New U.S. Regulations Addressing Inversions

Inversion, Anti-Avoidance, Earnings Stripping

On April 4, 2016, the U.S. Government blasted "inversion" transactions - where a U.S. company is acquired by a smaller, foreign corporation based in a lower-tax jurisdiction - with new temporary and proposed regulations that not only make it even more difficult to invert, but eviscerate the tax benefits of inversions. However, Swiss companies could be affected as well.

This update is provided by True Partners Consulting LLC.

During the past several years, "inversion" transactions — where a U.S. company is acquired by a smaller, foreign corporation based in a lower-tax jurisdiction — have been attacked by the U.S. Government. On April 4, 2016, the U.S. Government brought out the heavy artillery and blasted the transactions with new temporary and proposed regulations that not only make it even more difficult to invert, but eviscerate the tax benefits of inversions.

The temporary regulations (T.D. 9761) incorporate the rules described in Notices 2014-52 and 2015-79 that address certain transactions designed to avoid the anti-inversion purposes of Code section 7874 and to reduce the tax benefits of companies that invert. The temporary regulations also clarify certain definitions and exceptions and introduce new rules addressing issues not discussed in either Notice, including (i) identifying a foreign acquiring corporation in multi-step transactions; (ii) disregarding stock of the foreign acquiring corporation that is attributable to previous acquisitions of domestic entities; (iii) requiring CFCs to recognize gain upon certain asset transfers to a related foreign person that is not a CFC; and (iv) defining group income for purposes of the substantial business activities test.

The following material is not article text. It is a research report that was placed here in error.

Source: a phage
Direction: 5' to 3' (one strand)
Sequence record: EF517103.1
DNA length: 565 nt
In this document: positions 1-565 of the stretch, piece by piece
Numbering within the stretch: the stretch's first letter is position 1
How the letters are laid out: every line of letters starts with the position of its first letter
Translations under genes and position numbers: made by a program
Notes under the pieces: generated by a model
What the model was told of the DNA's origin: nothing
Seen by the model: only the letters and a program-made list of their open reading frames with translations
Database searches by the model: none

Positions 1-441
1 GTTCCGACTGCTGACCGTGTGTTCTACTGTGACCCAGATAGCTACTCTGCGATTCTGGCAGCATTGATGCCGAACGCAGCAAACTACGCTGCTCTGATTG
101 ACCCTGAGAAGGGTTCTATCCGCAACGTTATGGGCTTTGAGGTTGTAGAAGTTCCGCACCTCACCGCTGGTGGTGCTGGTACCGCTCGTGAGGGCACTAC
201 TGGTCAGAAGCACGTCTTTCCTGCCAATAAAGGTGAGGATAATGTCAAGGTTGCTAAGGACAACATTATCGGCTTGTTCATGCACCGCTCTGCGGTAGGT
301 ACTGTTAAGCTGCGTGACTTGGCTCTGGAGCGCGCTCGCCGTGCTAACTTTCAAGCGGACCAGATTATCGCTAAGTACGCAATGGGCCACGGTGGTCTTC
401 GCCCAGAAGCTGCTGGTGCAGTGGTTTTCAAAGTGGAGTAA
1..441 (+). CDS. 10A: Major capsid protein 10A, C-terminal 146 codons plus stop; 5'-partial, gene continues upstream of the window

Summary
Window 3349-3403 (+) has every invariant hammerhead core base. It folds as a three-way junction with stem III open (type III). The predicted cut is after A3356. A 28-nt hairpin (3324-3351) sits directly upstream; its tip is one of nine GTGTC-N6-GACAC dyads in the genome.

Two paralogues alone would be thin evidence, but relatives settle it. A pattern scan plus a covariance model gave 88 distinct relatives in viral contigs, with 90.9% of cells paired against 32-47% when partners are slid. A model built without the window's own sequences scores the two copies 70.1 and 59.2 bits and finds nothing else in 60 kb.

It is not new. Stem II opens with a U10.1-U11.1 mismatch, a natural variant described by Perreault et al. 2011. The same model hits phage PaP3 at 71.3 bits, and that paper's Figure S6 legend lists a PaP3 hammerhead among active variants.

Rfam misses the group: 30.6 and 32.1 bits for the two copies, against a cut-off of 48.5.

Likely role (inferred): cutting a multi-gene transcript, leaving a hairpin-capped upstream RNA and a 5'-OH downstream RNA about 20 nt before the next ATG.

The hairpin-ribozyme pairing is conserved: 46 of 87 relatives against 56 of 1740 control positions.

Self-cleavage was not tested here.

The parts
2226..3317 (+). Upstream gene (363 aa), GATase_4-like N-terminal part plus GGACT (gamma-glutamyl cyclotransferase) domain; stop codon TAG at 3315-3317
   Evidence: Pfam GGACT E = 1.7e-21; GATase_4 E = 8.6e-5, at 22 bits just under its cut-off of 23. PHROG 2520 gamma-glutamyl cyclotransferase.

But the truly explosive change is contained in the proposed regulations, which will treat as stock certain related-party interests that otherwise would be treated as debt for federal income tax purposes. The proposed rules are designed to attack “earnings stripping” — whereby a foreign corporation lends money to its US subsidiary, which can then reduce its US taxable income through interest deductions while including in its foreign income the interest payments (presumably at a lower tax rate). The rules, however, apply not only to cross-border transactions, but also to instruments between two related domestic entities.

In the view of the government, related-party indebtedness is suspect because there is typically little economic incentive for a related-party lender to impose discipline and diligence on the behavior of a related party borrower. The proposed rules therefore contain two major elements: a documentation requirement and re-characterization of certain purported debt as equity, in whole or in part, to reflect its substance.

Please download the full article of True Partners Consulting LLC here.

Consequences for Swiss companies?

Even if the regulations are designed to attack "inversion" transaction, the new debt-equity rules could also have significant consequences on debt financing of US subsidiaries of Swiss groups since the regulations aim to limit US interest deduction resulting from newly created debt that is not associated with additional profit in the US (intra-group). The issuer would not be entitled to a deduction of interest payments since they would be re-characterized as dividends for all U.S. tax purposes. On the other hand, the interest income would still be taxable in the hand of the counterparty, e.g. in Switzerland. That would result in double taxation.

These rules will apply to any debt instrument issued on or after April 4, 2016, with certain transition rules. Existing debt from a Swiss company to a US subsidiary would generally not be affected unless it is modified or refinanced after that date.

However, almost every corporate taxpayer will be impacted in some way by these new rules. Taxpayers should review all of their existing intercompany debt arrangements (including open accounts maintained for cash management purposes) to determine their potential exposure if the proposed regulations become final.

Please let us know if you need assistance in this review or if you have any questions.

* Thomas Linder

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